It's kind of exciting to be able to write this too.

    Regards,
    Eva

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  21. I watched most of the episodes and without a doubt the top three episodes were your two stories and Peter Hamilton’s “Sonnie’s Edge”. Hope in the future there will be more screen adaptations of your novels and/or short stories.

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  22. Al,
    I've been a long-time fan (I got "Revelation Space" when it was new in Hardcover ;) ). Zima Blue was fantastic, and pretty much spot-on for how the story played out in my mind as I read it more than 10 years ago. I think they adapted it pretty well. I wish I had read "Beyond the Aquila Rift" before watching it there, though - just so I could compare my own imagination/interpetation w/ that of the show. Still, it was awesome seeing some of your work out there in this medium.

    Looking forward to reading more of your work in the future!

    -Nick Ruisi

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  23. Beyond the aquila rift

    "I take care of all the lost souls that end up here"

    All life is precious.

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  24. I watched some of this series last night and have to say that they have done a good job on Aquila...I haven't got to Zima yet though

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  25. Re: the objectification of the female character in BtAR - I can't remember reading it, so I'm only reacting to the adaptation. At first I found the sex scene cringeworthy, standard male gaze crowd-pleasing (which I accredited to the directors, because that's not what I've seen from AR). But it made narrative sense at the end - it's the "host's" way of making the guy's experience as nice as possible, using his own memories and wishes. So the objectificaton is the fantasy of the male character.
    It's difficult to translate the first-person narrative of a shitty person to the objective 3rd person of TV.

    Anyway, I was thrilled to see AR finally adapted, and I hope this isn't the last time. Haven't seen Zima Blue yet, only got through the 6-7 first episodes, but I'm thrilled to see it. Equal parts awesome SF and cringey "this is adult animation so we need TITS AND VIOLENCE!!".

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  26. I enjoyed both adaptations a lot. All they did was 'sex' it up a bit. Believe it or not, sex still sells.

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  27. Hello! I though I would never find out the wholesome author who wrote Zima Blue. But here I am at you blog finally. So I have made it a personal mission in my life to make as many people I can to view that episode. I generally ask them that hey do you have 10 mins to spare, I promise it won't be boring at least and at most you'd be like me asking for ten small minutes from people you like!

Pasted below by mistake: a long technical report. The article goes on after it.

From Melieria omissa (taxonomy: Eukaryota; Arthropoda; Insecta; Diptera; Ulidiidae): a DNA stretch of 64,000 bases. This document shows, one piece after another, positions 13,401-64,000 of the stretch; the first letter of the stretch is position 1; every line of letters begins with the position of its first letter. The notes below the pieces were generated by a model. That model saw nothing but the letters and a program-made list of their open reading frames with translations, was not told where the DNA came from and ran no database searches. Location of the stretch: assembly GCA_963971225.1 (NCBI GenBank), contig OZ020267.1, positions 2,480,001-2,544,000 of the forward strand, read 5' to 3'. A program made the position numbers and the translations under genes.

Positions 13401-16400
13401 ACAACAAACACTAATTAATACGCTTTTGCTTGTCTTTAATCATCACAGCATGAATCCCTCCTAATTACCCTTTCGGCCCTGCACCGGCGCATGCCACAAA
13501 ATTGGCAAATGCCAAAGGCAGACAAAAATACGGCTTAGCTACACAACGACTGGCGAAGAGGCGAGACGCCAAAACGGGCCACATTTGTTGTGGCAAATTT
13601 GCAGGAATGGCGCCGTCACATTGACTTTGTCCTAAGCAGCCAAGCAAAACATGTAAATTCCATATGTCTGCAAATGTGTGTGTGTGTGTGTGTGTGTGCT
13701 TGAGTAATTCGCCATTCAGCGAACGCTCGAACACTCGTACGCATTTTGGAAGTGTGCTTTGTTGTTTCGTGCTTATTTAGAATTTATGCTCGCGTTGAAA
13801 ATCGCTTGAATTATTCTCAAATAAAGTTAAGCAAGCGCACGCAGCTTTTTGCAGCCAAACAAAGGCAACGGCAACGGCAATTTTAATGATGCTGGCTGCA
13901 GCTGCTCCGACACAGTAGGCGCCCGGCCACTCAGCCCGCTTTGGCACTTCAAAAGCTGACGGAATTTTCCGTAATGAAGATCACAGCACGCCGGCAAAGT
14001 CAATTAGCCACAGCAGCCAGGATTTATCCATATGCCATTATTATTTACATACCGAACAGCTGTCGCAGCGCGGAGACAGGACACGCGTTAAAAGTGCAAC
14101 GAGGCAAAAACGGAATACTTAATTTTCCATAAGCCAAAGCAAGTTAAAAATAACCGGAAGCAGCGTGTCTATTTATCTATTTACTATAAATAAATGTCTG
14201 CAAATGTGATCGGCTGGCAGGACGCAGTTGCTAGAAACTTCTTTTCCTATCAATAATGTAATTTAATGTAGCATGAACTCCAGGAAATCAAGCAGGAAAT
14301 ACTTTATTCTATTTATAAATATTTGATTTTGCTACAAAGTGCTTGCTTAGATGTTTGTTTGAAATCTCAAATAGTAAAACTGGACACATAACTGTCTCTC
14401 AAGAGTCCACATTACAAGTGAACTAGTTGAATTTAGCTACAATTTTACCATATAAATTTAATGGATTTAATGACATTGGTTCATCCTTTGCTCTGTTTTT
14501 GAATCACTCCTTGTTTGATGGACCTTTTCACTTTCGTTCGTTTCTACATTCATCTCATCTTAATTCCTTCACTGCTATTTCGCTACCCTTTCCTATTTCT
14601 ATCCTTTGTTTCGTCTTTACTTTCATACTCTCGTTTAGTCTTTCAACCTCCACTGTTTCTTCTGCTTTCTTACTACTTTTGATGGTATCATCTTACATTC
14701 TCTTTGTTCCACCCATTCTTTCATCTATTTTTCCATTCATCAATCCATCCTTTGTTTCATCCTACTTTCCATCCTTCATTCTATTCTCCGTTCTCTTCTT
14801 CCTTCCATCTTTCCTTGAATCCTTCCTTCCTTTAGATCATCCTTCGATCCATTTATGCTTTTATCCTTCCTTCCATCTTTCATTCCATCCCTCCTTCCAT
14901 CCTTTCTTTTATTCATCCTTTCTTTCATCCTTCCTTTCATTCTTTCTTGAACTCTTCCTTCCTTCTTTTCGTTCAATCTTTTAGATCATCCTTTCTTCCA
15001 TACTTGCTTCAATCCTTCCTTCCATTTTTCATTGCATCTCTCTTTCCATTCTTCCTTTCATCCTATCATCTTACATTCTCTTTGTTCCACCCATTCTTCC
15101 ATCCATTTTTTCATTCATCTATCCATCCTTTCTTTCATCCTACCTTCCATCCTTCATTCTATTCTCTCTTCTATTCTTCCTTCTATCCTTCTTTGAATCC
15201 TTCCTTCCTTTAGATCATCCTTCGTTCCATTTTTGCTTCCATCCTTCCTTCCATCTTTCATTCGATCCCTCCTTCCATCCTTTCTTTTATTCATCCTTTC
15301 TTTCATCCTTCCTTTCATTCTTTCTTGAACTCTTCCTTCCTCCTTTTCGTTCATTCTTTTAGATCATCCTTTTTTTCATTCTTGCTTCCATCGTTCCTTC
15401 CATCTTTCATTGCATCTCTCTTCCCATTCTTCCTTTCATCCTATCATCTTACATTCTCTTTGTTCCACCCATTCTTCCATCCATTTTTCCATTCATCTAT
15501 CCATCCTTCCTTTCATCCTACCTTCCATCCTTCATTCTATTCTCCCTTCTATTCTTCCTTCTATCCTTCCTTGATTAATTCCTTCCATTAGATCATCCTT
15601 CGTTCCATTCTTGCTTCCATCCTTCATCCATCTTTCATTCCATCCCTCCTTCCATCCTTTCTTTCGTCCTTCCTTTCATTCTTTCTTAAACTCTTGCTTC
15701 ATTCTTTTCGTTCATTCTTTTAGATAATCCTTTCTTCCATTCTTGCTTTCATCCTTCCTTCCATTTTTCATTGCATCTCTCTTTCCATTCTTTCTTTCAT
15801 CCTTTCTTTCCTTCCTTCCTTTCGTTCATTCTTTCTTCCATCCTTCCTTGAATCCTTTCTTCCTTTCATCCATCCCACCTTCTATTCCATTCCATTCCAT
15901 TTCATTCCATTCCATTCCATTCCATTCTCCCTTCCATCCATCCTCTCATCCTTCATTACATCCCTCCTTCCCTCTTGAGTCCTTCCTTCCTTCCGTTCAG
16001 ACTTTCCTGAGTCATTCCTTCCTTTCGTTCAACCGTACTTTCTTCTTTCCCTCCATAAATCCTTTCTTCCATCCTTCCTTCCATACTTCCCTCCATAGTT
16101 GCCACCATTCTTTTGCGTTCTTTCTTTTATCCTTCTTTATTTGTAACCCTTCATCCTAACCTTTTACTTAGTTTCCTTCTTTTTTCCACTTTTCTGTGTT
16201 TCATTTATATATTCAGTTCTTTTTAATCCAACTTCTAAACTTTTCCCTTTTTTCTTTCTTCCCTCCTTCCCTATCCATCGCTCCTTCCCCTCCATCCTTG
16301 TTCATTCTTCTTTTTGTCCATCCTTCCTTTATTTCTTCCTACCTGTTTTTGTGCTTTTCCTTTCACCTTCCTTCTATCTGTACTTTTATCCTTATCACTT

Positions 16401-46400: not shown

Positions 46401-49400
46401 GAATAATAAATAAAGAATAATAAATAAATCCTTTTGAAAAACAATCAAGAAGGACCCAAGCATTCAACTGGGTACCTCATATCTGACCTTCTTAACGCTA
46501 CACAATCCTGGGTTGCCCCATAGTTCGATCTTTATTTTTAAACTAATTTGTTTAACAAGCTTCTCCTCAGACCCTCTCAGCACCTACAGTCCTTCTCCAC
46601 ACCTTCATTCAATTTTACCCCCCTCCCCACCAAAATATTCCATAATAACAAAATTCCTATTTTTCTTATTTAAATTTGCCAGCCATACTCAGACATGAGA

Thank you for writing this! And the animators who brought it to life.

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  28. It's been 2 -3 weeks since I've completed watching LD+R. Prior to, I was not acquainted with you or your work. Zima Blue moved me both spiritually and emotionally. I watched it several times, pausing between viewings to ponder and reflect. The wondrous animation, voice talent etc., etc and above all... the story. I have to find and learn more about the author and his works! I have since brought the book and completed "Understanding Space and Time". I loved its breath of scale along with many any other facets of its story. At the same time, I just completed Permafrost... loved it. In capable hands, Permafrost would translate to a fine screen adaptation. Your stories truly takes the reader on a journey. In these days authentic, periodic departures from "this thing called life" (yeah, just quoted Prince) are truly appreciated. Also wanted to mention, your style of writing is so accessible and a joy to read, especially considering the science within your stories. Well, something positive has definitely become of my Netflix subscription... my introduction and now journey as a literary fan of Alistair Reynolds!